Roll top desk

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Forum topic by Matt posted 11-11-2010 03:43 AM 1243 views 0 times favorited 4 replies Add to Favorites Watch
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212 posts in 3173 days

11-11-2010 03:43 AM

Got another question on a roll top desk I plan on building.

I’ll try to describe this the best I can but. If you take a look at the link I provided. Now on the back section of the top the middle stile carries up to the top of the hutch. Now the tambour needs a groove to ride in. How does the groove carry on through the panel.

I hope you guys understand what I mean. :p

-- Hold on! Let me get the board stretcher!

4 replies so far

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13524 posts in 2765 days

#1 posted 11-11-2010 03:52 AM

all the shelving need to be clear of the top
and rest on the bottom
and the sides below
the straight track
that is also curved down
in the top back
a grove there too
and a place for the roll top to go
maybe some rubber stops
to keep it from banging
and breaking up

-- david - only thru kindness can this world be whole . If we don't succeed we run the risk of failure. Dan Quayle

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1408 posts in 2982 days

#2 posted 11-12-2010 04:26 PM

Norm built a roll-top desk (not as fancy as that one). His show explains how the tambour is independent of the structure except where it’s captured in the track on the sides. It has to roll down behind the cabinetry along the back.

-- You can't control the wind, but you can trim your sails

View sis's profile


13 posts in 2900 days

#3 posted 01-20-2012 03:51 PM

Has anyone had trouble with the tambour. I bought the router bit set, but it doesnt seem to roll right.
thanks, sis

View richgreer's profile


4541 posts in 2498 days

#4 posted 01-20-2012 04:54 PM

I recently installed a tambour in an audio booth I made. You can see it here in the second and third pictures (ignore the dust)

In my case, I bought a pre-made tambour top from Woodwaves. I think that is the way to do it. I’m very happy with the top I bought and how well it works. I spent about $130 for a tambour top that is 54” wide and 30” deep. Money well spent.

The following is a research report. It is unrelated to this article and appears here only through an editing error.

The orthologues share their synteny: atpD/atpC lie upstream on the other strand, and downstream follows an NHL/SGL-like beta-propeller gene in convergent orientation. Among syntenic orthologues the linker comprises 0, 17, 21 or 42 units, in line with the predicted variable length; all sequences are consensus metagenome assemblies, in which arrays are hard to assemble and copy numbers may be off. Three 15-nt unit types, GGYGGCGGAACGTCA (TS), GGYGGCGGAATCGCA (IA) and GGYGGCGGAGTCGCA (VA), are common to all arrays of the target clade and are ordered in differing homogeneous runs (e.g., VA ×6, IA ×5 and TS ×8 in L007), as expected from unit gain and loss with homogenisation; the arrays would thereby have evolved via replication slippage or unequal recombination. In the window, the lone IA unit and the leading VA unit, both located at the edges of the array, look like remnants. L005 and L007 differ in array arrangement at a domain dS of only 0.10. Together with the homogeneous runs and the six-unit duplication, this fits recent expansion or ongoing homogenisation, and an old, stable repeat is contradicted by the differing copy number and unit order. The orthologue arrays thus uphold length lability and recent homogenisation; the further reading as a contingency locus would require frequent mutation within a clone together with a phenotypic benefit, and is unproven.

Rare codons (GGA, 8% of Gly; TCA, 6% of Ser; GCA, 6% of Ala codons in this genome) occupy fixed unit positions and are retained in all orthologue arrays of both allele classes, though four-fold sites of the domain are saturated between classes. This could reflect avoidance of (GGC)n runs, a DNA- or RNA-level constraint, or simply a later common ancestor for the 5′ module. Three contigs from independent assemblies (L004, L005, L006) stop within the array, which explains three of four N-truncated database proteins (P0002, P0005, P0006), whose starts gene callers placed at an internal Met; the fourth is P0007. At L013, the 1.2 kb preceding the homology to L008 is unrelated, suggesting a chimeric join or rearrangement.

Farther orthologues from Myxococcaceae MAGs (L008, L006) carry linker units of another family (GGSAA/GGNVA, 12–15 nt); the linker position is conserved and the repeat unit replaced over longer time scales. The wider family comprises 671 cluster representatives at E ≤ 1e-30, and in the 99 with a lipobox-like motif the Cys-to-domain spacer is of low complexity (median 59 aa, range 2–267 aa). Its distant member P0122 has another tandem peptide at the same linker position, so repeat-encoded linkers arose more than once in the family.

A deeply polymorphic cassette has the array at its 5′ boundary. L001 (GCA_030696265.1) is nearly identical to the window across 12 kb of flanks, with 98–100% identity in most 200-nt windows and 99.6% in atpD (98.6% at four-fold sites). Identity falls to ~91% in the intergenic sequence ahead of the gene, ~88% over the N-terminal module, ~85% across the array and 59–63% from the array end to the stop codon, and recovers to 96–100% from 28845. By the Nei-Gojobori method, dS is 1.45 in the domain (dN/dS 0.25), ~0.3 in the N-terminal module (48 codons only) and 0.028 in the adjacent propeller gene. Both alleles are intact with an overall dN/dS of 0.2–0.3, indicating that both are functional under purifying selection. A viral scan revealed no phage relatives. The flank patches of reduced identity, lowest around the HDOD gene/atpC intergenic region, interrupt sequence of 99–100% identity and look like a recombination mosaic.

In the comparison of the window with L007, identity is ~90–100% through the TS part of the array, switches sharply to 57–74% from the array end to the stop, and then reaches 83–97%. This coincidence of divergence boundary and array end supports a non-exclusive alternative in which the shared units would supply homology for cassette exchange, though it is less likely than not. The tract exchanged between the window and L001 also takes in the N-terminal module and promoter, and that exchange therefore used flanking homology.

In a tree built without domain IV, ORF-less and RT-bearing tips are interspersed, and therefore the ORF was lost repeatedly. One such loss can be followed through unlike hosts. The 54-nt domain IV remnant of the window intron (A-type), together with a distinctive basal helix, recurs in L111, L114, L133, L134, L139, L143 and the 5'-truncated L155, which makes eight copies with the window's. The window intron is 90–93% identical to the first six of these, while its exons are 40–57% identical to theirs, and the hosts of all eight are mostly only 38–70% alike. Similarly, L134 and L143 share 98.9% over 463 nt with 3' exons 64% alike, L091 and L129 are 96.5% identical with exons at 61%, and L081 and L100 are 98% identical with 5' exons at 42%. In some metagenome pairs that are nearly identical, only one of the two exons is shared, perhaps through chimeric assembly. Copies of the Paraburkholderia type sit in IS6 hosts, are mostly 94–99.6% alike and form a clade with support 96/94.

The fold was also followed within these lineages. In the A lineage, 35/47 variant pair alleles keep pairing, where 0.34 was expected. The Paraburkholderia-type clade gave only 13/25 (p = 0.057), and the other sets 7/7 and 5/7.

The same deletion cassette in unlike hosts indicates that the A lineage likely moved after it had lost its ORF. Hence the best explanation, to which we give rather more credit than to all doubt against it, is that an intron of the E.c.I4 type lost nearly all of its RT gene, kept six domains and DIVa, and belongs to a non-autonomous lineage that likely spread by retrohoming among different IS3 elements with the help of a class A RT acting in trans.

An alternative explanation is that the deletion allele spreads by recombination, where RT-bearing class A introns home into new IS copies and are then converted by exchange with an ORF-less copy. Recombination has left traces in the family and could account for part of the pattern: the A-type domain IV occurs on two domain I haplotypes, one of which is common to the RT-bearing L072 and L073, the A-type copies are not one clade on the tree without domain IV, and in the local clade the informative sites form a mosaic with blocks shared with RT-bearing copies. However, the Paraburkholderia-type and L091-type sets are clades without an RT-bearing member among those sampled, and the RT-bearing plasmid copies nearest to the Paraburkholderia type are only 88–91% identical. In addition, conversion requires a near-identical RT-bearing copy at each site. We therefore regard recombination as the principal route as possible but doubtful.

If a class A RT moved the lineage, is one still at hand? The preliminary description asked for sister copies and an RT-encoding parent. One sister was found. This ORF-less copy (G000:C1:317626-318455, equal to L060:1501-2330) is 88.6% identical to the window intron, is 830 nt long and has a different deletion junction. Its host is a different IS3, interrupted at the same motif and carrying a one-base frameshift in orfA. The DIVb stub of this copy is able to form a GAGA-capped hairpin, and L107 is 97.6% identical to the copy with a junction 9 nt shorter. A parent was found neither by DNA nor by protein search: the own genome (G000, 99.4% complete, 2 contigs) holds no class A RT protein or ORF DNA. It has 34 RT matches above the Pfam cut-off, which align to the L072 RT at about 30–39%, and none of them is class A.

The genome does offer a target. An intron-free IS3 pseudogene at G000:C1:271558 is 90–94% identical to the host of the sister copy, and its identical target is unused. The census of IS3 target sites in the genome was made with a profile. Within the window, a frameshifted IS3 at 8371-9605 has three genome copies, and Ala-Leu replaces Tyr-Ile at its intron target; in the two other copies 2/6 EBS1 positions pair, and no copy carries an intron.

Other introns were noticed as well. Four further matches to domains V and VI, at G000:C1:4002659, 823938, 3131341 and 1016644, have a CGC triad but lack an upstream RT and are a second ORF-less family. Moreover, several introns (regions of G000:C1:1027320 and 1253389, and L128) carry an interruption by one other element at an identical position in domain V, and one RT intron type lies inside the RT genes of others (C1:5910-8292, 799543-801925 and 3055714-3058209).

I still needed to put an end piece on the top and cut the tracks for it to run in. The handles and lock are connected to the end piece I put on. The handles are not essential, but they are nice.

I also needed to deal with the mechanical aspects. There is a slot in the back of the work surface and the top runs down the back wall below the work surface. I needed to make a track for the back wall and install a stop so it only opened so far.

Also – you cannot have any wall based support for the work surface under the tambour area. I ran a support brace under the front of the work surface along the length of the work surface. That brace may not have been necessary, but I wanted to be certain we would have no sagging. 54” is a relatively long span.

Finally, if you are smarter than me (most people are), you would not install an electrical outlet in the area that will be covered up when the tambour top is opened. I put the electrical outlet in early in the project and put the tambour top in towards the end of the project. In this case, I failed the concept of “thinking ahead”.

It was not a real hard job, but it is also not a job for a beginner.

-- Rich, Cedar Rapids, IA - I'm a woodworker. I don't create beauty, I reveal it.

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